Now I know better, (I hope), and have invested in two Martins. They are both simple, solid body guitars that sound incredible. They go everywhere although I just ordered a 3/4 scale "Little Martin" to take on vacation. The history of the Martins and Gibsons show that they generally improve with age. They also have shown to appreciate greatly which is good if I ever want to sell them. That wasn't an option with my cheap guitar that fell apart and never sounded / played well in the first place.

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There are truly great expensive guitars and there are OK expensive guitars, so the question can't really be answered with a Y/N.

 

I don't think you can match the sound of a GREAT guitar that's > $2000 with a $500 guitar that sounds pretty good, but the skill of the player is a big factor in extracting the "extra goodness" that is available. An average or below average guitarist is not likely to notice that much of a difference and may in fact prefer something about the cheaper guitar (besides the sticker price).

 

Beyond that, it's a matter of how much the difference between really good and outstanding is worth to any individual. I buy the best guitars that I can afford because the way I look at it my guitar time is precious, so it doesn't make sense to get cheap on it. I had cheap but very good guitars for 20 years, so I paid my dues. :D

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I've got a Larrivee SD-50 (bought new as a closeout for about $1250), which is definitely my "best" guitar in terms of volume, tone, projection, fit & finish, etc.. However, I also get a lot of enjoyment out of my cheaper Seagull as well.

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I went to a local music shop yesterday, and tried out some really nice (and relatively inexpensive) guitars, such as Guild and Yamaha L-series. They are all in the $500-$700 and sound really really nice. The Guilds were all-solids. Needless to say, I

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Some are and some aren't ... to the player and to the audience. It's really up to you to decide.

 

The best guitar is the one you have right now (after it's been given a proper set-up by a qualified tech or luthier).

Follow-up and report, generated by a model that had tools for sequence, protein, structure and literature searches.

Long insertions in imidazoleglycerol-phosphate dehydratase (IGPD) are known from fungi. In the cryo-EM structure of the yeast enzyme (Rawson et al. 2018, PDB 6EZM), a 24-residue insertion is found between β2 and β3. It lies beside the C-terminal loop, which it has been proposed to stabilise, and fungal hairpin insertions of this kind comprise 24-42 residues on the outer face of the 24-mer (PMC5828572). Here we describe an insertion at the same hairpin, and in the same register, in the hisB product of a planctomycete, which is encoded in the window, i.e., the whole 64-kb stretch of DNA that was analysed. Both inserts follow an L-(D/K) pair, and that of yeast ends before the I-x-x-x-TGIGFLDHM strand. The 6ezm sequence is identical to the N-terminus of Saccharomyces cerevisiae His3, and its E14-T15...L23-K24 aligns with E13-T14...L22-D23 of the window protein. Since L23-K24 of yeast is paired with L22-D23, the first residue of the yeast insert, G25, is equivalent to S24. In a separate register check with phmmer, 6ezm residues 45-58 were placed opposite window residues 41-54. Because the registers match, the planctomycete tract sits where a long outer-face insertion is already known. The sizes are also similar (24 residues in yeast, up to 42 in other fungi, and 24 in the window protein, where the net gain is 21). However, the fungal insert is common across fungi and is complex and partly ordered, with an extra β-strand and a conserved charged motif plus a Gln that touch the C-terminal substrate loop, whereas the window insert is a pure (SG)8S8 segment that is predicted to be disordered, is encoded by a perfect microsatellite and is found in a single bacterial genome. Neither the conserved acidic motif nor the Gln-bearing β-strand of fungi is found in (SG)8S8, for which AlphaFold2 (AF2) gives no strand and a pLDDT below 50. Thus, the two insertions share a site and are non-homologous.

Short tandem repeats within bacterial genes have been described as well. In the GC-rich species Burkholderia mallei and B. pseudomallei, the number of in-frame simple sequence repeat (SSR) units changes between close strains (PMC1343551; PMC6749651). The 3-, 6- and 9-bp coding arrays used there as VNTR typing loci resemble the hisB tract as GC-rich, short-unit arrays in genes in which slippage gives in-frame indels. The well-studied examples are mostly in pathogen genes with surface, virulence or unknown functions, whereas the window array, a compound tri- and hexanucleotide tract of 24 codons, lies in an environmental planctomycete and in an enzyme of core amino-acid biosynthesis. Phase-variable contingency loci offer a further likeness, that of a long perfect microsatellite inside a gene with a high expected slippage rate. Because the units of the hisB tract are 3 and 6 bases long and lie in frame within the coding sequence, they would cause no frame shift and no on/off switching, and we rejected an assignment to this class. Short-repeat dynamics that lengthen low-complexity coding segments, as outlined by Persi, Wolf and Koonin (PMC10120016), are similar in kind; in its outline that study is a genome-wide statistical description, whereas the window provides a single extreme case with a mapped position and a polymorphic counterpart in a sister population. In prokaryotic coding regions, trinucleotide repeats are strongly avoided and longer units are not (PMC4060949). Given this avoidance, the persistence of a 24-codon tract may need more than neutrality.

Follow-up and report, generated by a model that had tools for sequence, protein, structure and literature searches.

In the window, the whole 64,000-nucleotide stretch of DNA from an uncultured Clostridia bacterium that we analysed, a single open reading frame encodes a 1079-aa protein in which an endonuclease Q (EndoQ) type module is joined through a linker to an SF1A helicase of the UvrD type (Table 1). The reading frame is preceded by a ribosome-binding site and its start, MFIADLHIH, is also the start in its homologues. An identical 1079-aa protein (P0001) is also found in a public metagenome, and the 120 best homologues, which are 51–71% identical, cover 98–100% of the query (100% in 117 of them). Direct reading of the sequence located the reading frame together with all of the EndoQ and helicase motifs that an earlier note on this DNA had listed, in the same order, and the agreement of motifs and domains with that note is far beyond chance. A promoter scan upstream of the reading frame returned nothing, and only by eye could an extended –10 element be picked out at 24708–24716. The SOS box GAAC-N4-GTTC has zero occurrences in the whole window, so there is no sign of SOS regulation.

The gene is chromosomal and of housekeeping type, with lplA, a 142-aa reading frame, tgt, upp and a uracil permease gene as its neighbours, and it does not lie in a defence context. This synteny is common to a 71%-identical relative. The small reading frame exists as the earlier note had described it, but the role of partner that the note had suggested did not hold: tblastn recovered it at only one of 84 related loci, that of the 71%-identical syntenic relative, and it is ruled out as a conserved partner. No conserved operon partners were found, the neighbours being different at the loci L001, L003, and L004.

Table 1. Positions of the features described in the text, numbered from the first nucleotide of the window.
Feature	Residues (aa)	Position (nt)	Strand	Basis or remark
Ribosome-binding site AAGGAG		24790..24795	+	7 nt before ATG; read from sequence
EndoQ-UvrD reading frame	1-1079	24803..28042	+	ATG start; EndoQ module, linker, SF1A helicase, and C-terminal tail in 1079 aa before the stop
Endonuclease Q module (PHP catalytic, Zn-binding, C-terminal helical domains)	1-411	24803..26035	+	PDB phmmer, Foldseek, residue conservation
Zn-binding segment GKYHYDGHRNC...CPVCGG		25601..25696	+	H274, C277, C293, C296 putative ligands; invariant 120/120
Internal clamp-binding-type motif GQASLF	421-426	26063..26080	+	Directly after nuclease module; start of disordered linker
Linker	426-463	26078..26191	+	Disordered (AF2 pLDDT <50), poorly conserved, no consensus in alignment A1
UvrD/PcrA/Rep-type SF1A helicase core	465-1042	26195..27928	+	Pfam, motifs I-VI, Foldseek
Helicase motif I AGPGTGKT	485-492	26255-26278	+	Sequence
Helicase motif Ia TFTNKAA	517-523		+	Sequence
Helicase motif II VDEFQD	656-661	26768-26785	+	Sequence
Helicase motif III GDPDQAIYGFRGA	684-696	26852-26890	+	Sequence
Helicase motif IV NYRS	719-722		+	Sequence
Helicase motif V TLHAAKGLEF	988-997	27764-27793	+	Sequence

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Another thing to note is that your ear becomes much more aware of the differences in guitars as you gain experience. I've been playing for about 1 1/2 years and I notice things now that I might not have noticed before. It took my a while to appreciate the Martin sound, but I "get it" now.

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I've played $300 guitars that sound better than $3000 guitars. Obviously, you're going to pay a premium for a "name brand" guitar. Gibson, Martin, and Taylor know they can get more money because their name is on the headstock. I would say try as many guitars as you can and pick the one that speaks to you in the price range you can afford. Consider tone, playablity, asthetics, or anything else that is important to YOU! Good luck!

 

Do you pay a premium when you buy a Rolls Royce? No,you pay for quality. The same applies with fine guitars; you might pay more for the name at entry level, with Martin's Formica guitars for example, but once you get into the solid wood instruments it's a different matter altogether.

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Here's an idea

 

Bring a friend to guitar center with you. Sit down and put on a blindfold, then have your friend bring you a bunch of different guitars.. rate each one on feel and sound.. buy the winner.. you might be surprised

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Dear revive,


your thread is very well-read, beautiful writting, are you from GB?


Sir James II

 

Hmm? It looks like the grammatical structure and punctuation of the OP were a bit off (at least in terms of U.S. English).

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Hi revive

Using GC as your choice to look for a high end guitar is not the way to go, they just don't look after there guitars enough, old strings, bad set ups, try to locate a quality high end guitar shop such as this http://www.mandoweb.com/ in your area. This is were you will truly find your answer ......But here's the thing, find what sounds good to you and enjoy it

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You see: A $2,000 piece of art that produces magnificent sound!

 

Wife sees: Overpriced firewood that won't burn for more than 10 minutes.